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  • September, 2004 Vol. 10, No. 2 THE DRIFTING SEED

    A triannual newsletter covering seeds and fruits dispersed by tropical currents and the people who collect and study them.

    Distributed to more than 20 countries.

    Ed Perry, Editor and Publisher

    Dr. Charles (Bob) Gunn, Advisor Patricia Frazier, Production Editor

    Dr. Gerhard Cadée, Columnist Dr. Curtis Ebbesmeyer, Columnist

    Emma Longhorn, Columnist Christopher S. Boykin, Columnist

    Dr. Charles Nelson, Columnist Nancy and Brian Vander Velde, Columnists

    Dr. Gerald Sullivan, Columnist Paul Mikkelsen, Web Site Manager for

    Pages 2-3 Memoirs, C. Nelson Page 7-8 Mary’s Bean, the Vander Veldes Page 4 Largest Seaheart, J. Sullivan Pages 9-10 Hamburgers in Paradise, C. Boykin Page 5 A new Sea-Bean, J. Sullivan Page 11-12 Egg Fruit, G.C. Cadee Pages 6 Letter to all Drifters, Emma Longhorn Pages 13-15 News and Notes Pages 6-7 Mango, from Curt Ebbesmeyer Pages 16-17 Symposium Schedule, T-shirt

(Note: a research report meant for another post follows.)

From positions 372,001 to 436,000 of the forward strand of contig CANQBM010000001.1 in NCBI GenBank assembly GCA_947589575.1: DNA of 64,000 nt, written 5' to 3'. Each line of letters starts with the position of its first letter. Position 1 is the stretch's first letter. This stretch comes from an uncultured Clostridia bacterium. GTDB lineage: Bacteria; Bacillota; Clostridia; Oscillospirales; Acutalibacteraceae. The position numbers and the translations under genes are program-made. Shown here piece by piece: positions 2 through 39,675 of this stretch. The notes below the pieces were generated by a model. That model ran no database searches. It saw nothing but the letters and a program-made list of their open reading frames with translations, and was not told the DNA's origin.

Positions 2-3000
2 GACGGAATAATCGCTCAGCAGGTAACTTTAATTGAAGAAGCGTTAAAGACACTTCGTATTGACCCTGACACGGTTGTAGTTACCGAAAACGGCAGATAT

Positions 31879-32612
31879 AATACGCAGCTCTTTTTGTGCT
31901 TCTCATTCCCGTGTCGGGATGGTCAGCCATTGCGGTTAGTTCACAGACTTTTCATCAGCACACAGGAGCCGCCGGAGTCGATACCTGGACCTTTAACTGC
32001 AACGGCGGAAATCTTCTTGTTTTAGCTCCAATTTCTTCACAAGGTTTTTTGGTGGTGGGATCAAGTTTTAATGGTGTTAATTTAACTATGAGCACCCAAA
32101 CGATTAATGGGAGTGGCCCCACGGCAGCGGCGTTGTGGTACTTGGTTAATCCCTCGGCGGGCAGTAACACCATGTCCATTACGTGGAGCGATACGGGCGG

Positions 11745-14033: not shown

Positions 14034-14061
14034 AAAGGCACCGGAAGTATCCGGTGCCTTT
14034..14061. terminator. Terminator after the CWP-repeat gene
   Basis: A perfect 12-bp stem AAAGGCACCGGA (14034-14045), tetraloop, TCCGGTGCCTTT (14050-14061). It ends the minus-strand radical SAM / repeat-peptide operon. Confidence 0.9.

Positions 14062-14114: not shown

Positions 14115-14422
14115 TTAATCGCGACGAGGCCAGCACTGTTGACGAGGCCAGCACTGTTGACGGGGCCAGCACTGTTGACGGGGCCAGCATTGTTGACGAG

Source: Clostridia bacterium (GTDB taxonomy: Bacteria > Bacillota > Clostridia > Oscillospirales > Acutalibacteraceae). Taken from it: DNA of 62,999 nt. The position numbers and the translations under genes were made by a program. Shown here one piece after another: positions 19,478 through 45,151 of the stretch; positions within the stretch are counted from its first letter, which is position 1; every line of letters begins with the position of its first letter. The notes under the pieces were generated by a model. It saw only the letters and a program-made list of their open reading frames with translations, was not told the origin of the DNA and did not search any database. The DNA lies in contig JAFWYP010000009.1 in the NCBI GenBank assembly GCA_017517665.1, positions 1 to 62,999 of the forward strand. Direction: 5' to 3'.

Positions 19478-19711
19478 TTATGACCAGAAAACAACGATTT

For Newsletter Subscription Information, Submissions, Donations,

    or Seed Identification: contact: Ed Perry P.O. Box 510366

    Melbourne Beach, FL 32951—USA E-mail: [email protected] (Paul Mikkelsen)

    or [email protected] (Ed Perry)

    The 9th Annual International Sea Bean Symposium will be held at the Cocoa Beach Public Library, October 15th-16th, 2004.

  • The Drifting Seed, September 2004 2

    Memoirs of a Short-Sighted Irish Sea-Beaner by Dr. Charles Nelson